In just eight years, humanities teacher Yasodai Selvakumaran has influenced the careers of more than 200 teachers, and in many ways, she’s only just getting started.
In 2017, Selvakumaran, who teaches at Rooty Hill High School (named as an In, was recognised as one of 30 Rising Stars under the age of 35 in Australian education by The Educator Australia magazine.
Three years earlier, she won the Australian Council of Educational Leadership Mary Armstrong Award for Outstanding Young Educational Leader, and the Australian Teaching Fellowship for 2018.
Speaking to NSW Department Secretary, Mark Scott, in the new Every Student Podcast Selvakumaran gave credit to her principal, Christine Cawsey, who she lauded for encouraging her as a leader.
“I think what makes Chris unique is that when people start there as a new teacher there is a sense that you can contribute as a leader from the very moment that you walk in,” she said.
“In that first year we are mentored really closely and then, from the second year onwards, every teacher is encouraged to take on a leadership role in a cross-faculty team or an extracurricular role ... there is this idea that it is expertise, not experience.”
At a school where more than half the students come from culturally and linguistically diverse backgrounds, Selvakumaran said inclusive teaching was vital.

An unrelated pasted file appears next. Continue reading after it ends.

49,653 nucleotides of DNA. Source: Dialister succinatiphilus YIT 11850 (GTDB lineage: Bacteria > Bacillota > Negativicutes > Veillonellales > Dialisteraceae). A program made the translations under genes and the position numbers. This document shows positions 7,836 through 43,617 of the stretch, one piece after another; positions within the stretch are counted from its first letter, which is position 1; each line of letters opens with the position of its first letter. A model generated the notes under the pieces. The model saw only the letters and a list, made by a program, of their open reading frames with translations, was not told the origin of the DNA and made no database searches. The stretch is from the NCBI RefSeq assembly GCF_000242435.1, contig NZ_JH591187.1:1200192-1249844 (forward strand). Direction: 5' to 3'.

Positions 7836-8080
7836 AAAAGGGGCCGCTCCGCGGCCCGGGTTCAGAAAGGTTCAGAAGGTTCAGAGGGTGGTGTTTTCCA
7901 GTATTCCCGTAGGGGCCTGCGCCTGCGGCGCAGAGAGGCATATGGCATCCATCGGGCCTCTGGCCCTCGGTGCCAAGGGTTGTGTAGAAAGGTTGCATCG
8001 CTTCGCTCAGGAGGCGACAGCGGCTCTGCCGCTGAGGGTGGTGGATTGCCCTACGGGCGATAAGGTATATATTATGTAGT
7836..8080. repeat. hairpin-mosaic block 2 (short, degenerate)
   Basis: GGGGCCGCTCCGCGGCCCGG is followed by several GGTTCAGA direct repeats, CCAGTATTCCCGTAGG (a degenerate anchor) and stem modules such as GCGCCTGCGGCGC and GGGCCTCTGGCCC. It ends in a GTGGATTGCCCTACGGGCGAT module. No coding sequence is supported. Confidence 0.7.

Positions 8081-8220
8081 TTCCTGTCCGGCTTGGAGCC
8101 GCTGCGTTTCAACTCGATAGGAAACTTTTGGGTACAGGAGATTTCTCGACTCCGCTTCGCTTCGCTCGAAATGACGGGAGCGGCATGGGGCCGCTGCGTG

“As a school community we are constantly telling our students it’s not where they come from, it’s where they are going to go. When something is too hard it is our job to see where those barriers are and how we can break them down,” she said.
Selvakumaran’s current innovative focus is expanding what students and staff understand by the term “creativity”.
“Students associate creativity with something to do with the creative arts and they think if they aren’t good at those then they aren’t creative,” she said.
“But creative traits are also about tolerating uncertainty and about having adaptable thinking.”
Selvakumaran and a colleague have developed this work on creativity in learning into the school’s Creative Inquiry Cycle, with the project trialled across 500 students studying history and geography.
“The Creative Inquiry Cycle helps teachers to design programs which allow students to develop their creative and critical thinking,” she said.
She cited a Year 10 project to design a ‘super park’ that catered to the needs of the local community. Survey data revealed that students’ perception of their own creativity grew by more than 40% by the end of the unit.
“In particular, students recognised that they had developed the dispositions of persistence and inquisitiveness – being able to challenge assumptions, being able to wonder and question,” she said.
The original version of this article, which appears on the NSW Education Department’s website, has been republished with permission and edited for length.